Joined: 23 Jul 2001
|Posted: Thu Oct 25, 2001 3:08 pm Post subject:
|Here is another interesting article I found that I would like to share.
"My master once said, "Why you be there?" I had just taken a hit that should have missed. What he spoke was something that echoed all the other learning I had, over the years, accumulated.
Not be there. A founding precept, pivotal to success in avoiding conflict in the first place, and in fighting and winning when in the midst of battle. And so simple, yet so profound. Not be there.
But what does it mean?
It means, if possible, donít go where you are sure to find enemies, conflict or trouble. When trouble finds you, donít be where the strike is. Very simple. Very hard to do.
Not be there.
When first we begin to learn the ancient art of self-defense, we are taught to block. That is a "first learning." Once we begin to understand how to block, we learn to deflect, redirecting the incoming strike so to cause least harm to us while opening the way for our own strike or evasive technique. Once we can deflect, we learn to slip the strike just enough to penetrate while the strike is incoming to move in and deliver our own assault. When we get better, we slip the strike and, utilizing the movement and energy of the assailant, allow their energy to be used and turned against them as we penetrate with our own counter-assault. When we get really good, the assailantís strike becomes a strike against themselves while we "do nothing" but "not be there."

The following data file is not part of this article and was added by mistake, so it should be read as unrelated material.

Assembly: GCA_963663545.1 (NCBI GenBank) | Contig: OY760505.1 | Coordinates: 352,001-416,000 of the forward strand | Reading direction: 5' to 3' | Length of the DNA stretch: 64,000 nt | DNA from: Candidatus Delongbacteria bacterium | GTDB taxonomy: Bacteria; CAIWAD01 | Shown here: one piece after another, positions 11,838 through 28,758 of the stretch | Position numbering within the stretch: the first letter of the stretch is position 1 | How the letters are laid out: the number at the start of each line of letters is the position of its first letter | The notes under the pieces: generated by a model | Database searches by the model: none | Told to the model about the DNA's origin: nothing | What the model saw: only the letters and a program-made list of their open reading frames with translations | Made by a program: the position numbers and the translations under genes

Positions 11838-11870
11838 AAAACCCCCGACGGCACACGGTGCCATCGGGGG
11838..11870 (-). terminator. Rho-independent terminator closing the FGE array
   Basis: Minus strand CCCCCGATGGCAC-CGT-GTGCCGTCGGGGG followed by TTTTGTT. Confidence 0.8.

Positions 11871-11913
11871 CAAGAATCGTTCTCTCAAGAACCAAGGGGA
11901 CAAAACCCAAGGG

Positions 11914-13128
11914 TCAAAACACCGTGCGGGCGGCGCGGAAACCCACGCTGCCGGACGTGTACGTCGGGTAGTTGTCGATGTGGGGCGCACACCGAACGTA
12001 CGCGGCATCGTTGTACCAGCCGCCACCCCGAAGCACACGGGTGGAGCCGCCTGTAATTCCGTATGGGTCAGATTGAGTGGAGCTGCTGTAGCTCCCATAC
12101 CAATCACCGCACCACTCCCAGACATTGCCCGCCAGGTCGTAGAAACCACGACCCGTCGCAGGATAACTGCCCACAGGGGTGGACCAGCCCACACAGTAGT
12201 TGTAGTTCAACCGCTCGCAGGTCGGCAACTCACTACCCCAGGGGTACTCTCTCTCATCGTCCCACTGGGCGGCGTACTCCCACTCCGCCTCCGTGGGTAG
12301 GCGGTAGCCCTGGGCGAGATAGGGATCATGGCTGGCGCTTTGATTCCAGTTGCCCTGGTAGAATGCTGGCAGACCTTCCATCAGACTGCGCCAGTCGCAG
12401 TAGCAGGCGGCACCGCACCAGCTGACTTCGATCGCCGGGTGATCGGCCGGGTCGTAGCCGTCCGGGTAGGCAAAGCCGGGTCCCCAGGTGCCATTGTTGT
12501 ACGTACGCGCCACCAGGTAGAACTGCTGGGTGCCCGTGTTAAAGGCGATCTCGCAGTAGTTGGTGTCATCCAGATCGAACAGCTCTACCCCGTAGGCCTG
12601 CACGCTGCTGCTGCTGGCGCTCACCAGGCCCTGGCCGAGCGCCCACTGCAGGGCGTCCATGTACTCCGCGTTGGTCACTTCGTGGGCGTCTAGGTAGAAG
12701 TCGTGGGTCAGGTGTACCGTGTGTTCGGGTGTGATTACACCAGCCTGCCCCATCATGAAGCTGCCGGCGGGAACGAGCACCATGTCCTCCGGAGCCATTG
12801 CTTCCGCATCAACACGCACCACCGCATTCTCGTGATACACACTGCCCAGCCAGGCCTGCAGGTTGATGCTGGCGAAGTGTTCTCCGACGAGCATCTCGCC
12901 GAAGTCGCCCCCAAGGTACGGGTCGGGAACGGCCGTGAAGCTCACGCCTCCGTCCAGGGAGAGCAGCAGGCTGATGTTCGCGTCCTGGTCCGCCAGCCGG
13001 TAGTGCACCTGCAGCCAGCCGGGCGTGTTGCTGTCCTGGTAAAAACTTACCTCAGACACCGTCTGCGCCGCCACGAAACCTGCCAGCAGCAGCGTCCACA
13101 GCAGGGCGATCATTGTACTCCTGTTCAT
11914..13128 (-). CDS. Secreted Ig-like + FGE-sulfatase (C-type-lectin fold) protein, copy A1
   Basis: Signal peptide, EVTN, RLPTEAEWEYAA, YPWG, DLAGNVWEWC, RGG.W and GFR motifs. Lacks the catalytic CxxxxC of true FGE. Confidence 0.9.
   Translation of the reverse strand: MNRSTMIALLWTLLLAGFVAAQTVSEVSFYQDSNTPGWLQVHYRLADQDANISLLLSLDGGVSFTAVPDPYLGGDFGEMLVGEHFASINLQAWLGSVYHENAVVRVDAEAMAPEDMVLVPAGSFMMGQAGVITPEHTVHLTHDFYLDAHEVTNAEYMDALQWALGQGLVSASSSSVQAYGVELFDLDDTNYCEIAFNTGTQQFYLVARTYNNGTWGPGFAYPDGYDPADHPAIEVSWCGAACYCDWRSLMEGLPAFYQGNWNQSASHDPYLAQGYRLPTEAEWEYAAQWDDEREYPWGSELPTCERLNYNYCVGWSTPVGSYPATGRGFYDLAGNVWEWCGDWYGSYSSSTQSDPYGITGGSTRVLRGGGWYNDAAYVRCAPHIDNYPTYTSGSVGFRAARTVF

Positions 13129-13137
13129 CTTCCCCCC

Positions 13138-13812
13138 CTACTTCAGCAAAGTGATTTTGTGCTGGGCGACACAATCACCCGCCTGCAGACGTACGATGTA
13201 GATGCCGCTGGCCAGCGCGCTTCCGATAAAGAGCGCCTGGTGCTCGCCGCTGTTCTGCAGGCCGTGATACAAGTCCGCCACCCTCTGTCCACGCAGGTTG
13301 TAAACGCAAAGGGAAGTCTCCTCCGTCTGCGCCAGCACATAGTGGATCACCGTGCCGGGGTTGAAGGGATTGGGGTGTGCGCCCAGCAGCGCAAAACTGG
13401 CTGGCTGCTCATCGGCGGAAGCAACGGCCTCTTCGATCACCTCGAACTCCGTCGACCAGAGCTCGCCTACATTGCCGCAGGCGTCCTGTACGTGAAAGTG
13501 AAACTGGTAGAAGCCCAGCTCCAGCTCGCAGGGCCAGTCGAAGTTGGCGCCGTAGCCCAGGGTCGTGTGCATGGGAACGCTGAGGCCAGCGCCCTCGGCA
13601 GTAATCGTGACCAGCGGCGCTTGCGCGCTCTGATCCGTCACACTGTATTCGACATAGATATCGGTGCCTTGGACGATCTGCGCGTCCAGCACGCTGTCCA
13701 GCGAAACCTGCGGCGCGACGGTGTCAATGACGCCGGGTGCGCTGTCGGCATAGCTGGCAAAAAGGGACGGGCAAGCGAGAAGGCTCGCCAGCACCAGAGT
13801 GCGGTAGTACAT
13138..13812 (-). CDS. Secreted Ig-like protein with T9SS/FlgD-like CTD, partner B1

Not be there. Simple, yet so profound a founding principle and a "gateway" learning to other principles, like "move to position of advantage while allowing opponent to enter position most disadvantagious to themselves."
This one is harder to learn, but it is again pivotal to any successful self-defense mastery.
Move to position of advantage while allowing opponent to enter position most disadvantagious to themselves.
How? Time and practice against others - many others. Mastering oneís own body and its movement while simultaneously mastering a meticulous understanding of the mechanics of the human body, both static and in motion, and how that body is most easily "broken down."
Hand in hand with that comes "taking opponentís center." A beginner learns leverage techniques. A master can dismantle the body of an assailant and steal its center by simply moving his own body, never touching or being touched by the assailant, thereby allowing the "opponent to defeat themselves," yet another founding precept.
As you begin to see, one principle and its understanding and application becomes dependent upon the learning and mastering of all others, each one a foundation stone upon which oneís arsenal of ability is constructed, principles that when mastered make one almost invincible to assault. And these and other principles are the common water that runs beneath and inside all the martial arts. The better you learn them, the more invincible and successful in martial conflict you become until, one day, you simply find there is no conflict...because you have truly mastered "not be there."